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Physics professor at UA challenges Einstein's theory of general relativity



A UA professor is challenging Albert Einstein’s theory of general relativity and questioning whether it holds up in all areas of space.

Andrei Lebed, a physics professor at the UA, has proposed an idea for an experiment that could be a “breakthrough,” according to university professors.

The two most successful theories of physics developed in the 20th century are general relativity and quantum mechanics, according to Michael Hart, associate astronomer at the UA. Quantum mechanics describes three of the four known fundamental forces in the universe – electromagnetism and strong and weak nuclear forces.

The fourth force, gravitation, can be described by general relativity.

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By Hailey Eisenbach / Arizona Daily Wildcat
Hailey Eisenbach / Arizona Daily Wildcat Andrei Lebed, a UA physics professor, challenges Einstein's theory of general relativity.

Attempts to merge general relativity and quantum mechanics have failed in the last century. Physicists know that both theories work separately but have been unsuccessful in creating a single theoretical framework that describes them both.

“This has been the black sheep of the physics world for a hundred years,” Hart said. “If physics is to be successful, we have to find a way of unifying those two theories.”

One of the major cornerstones of general relativity is the idea that inertial mass and gravitational mass are the same, Hart said.

Inertial mass is the sensation one feels when being slammed against a seatbelt in a car crash. Gravitational mass is the gravitational pull between a body and the Earth, or one’s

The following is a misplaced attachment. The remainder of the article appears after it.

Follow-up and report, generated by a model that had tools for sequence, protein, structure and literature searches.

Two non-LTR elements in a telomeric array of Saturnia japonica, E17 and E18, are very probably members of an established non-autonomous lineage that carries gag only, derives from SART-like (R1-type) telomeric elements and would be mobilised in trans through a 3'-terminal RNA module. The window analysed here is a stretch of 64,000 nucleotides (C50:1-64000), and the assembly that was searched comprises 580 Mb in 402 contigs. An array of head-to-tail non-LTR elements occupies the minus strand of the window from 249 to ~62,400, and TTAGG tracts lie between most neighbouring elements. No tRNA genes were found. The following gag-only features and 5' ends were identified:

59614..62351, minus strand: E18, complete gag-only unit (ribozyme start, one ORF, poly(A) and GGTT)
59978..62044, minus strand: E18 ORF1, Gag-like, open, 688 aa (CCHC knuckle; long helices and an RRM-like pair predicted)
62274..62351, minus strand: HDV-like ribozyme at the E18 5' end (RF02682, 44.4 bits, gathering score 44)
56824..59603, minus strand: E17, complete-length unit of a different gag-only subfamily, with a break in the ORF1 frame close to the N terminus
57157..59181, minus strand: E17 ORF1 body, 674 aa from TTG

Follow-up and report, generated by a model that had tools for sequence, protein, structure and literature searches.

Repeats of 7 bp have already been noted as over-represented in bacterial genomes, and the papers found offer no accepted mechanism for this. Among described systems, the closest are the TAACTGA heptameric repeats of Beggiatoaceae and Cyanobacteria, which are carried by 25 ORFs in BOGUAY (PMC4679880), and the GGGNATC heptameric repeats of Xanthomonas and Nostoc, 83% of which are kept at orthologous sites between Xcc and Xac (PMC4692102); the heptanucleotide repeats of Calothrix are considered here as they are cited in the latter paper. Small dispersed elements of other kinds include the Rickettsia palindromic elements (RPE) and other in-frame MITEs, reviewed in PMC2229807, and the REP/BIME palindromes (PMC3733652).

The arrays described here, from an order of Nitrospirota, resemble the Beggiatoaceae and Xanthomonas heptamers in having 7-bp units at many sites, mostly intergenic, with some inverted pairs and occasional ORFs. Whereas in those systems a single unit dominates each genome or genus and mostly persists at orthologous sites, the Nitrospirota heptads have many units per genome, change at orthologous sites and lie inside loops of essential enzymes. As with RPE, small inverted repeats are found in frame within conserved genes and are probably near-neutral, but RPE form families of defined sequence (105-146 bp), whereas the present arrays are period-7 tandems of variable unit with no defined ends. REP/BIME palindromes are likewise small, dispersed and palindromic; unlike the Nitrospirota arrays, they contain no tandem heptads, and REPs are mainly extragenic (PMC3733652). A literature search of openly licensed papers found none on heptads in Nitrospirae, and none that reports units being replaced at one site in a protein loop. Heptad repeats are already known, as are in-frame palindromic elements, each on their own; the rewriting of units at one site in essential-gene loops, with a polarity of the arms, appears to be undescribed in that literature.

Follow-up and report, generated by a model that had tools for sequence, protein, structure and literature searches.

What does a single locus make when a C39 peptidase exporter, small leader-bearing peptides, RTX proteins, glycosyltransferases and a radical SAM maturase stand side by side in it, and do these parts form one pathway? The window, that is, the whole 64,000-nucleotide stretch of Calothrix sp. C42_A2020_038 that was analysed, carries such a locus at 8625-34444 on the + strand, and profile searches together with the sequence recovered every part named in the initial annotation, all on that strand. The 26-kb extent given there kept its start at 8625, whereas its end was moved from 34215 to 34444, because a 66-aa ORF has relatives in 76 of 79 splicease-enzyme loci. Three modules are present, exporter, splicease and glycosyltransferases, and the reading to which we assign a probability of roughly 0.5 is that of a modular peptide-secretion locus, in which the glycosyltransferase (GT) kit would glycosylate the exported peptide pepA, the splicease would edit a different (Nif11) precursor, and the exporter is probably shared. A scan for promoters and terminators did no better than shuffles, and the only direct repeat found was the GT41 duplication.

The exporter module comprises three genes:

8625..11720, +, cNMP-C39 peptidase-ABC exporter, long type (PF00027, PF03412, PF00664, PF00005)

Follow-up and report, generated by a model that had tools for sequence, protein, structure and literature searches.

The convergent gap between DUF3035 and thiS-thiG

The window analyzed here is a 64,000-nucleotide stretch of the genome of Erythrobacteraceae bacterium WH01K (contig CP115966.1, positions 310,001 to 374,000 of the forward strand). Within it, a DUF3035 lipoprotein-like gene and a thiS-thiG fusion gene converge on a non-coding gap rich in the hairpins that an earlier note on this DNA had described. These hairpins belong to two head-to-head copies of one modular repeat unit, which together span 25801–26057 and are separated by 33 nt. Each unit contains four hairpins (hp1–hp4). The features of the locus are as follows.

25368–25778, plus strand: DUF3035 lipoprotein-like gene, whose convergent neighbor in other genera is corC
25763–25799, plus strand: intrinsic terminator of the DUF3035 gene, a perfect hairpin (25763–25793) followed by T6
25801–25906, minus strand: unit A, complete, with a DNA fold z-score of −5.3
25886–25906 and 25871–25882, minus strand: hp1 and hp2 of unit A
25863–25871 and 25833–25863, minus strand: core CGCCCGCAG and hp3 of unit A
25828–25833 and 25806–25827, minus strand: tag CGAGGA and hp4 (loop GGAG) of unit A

“weight.” When measured, these two masses are the same.

“There is no fundamental reason why these masses have to be the same; it just seems that they are,” Hart said. “If there were experimental evidence they are not the same, it would essentially mean changes would need to be made to general relativity.”

To date, there has never been an experiment done that proves general relativity to be wrong — but Lebed is working to change this. His idea is to send a spacecraft full of hydrogen atoms into flat space and measure their electrons to see if they jump to different energy levels. According to Einstein’s theory, mass warps space. Even over the width of a single atom, there might be curvature that affects how the atom behaves.

In quantum mechanics, electrons have a ground state, which is their lowest energy state, and an excited state, meaning any energy level higher than its ground state. When an electron jumps back from an excited level to ground level, it emits a photon, or light, Lebed said.

Einstein’s theory says that when energy increases, so does mass, leading to the equation E=mc2. But depending on whether the atom is in flat or curved space, its mass might be different, and the equation might not hold up.

The probability that Einstein’s equation is broken is “tremendously low,” according to Lebed. However, because there are so many atoms in one kilogram of hydrogen Einstein’s theory might not hold true for many billions of the atoms, Lebed said in an email.

“The number of photons is microscopic in real life…it is billion, several many billions,” Lebed said. “The emission of the photon is the consequence of marriage between these two theories.”

The laws of the atom are different from what Einstein predicts, UA astronomer Don McCarthy said. Einstein’s theory does well in explaining the universe as a whole, but it doesn’t do well at the smallest scale of an atom, he said.

If the experiment was successful, it would prove that inertial mass and gravitational mass are not the same, and that in some areas of space, E does not equal mc^2.

“It would be a revolutionary breakthrough for physics,” Hart said. “General relativity and quantum mechanics have never been proven wrong.”

The challenge now is getting other physicists on board with the experiment, according to Lebed. He has done the calculations, but many physicists have already deemed the project impossible simply because no one has done it before.

“This step to unite gravitation and quantum mechanics is the most difficult. People cannot do it,” Lebed said. “This is just one small move in the right direction.”

Others agree that this type of experiment could have a major impact.

“This won’t make a difference in a person’s normal life, but it might to the technologies we develop and use, such as TVs, global positioning systems and spacecraft,” McCarthy said. “And to the physicist, it provides a more elegant and accurate explanation of the entire universe.”


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